1

DUO (www.deutsch-uni.com) is an electronic learning platform, which offers general and technical language courses. DUO was created at the Ludwig-Maximilians-University Munich.


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Table 1. Blended learning phases. Phases of each chapter: Face-to-face phase 1 (12 TU) Online phase (2 TU): Face-to-face phase 2 (2 TU):

Material:

Intercultural Learning objectives:

Coursebook

Knowing the foreign perspective (target culture) Expressing one’s own perspective Combining one’s own perspective and the foreign perspective together and engage oneself intensively with it.

DUO forum Texts from the forum in class

The course book particularly conveys the foreign perspective in the respective themes. The online and discussion phase always uses the learner’s perspective (i.e. one’s own perspective) as a starting point. By dealing with both perspectives one generates something new and draws consequences from intercultural exercises. The second face-to-face phase is responsible for this. Figure 1 depicts the functions of the different phases in this blended learning format.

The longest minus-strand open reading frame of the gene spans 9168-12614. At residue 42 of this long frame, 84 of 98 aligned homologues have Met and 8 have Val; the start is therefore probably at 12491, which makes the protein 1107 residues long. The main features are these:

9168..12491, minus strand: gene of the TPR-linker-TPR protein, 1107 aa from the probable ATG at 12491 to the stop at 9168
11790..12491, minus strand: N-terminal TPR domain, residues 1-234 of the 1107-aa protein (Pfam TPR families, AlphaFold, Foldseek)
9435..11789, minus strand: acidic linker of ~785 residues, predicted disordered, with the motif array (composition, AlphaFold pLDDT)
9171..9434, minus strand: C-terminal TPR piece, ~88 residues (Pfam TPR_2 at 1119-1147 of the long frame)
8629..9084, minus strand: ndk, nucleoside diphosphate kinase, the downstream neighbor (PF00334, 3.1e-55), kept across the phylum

Figure 1. Blended learning model and intercultural learning.

4. Example of a Course Unit As an example the processing of the fourth chapter “Meine Wohnung” (‘Housing’) will now be presented in individual steps. After intensively devoting themselves to the course book and learning much about German homes, the learners were then required to work on the forum exercises by writing about their own apartments. Specific categories were created from the individual forum texts, which contain culture-specific aspects. Every teacher can easily create a similar outline for his/her own course. Table 2 portrays a conclusion of the various categories. The texts provide important culture-specific information on the topic “A Jordanian home”. On the whole a very positive self-image is presented. The learners love to present their apartments and are very proud of the furnishings. The home appears to be the centre of the large family. The size of the house, which is unusual from a European perspective, is due to the fact that the family is made of many members and they all live under the same roof. Important components of a Jordanian house are the garden, balcony and garage.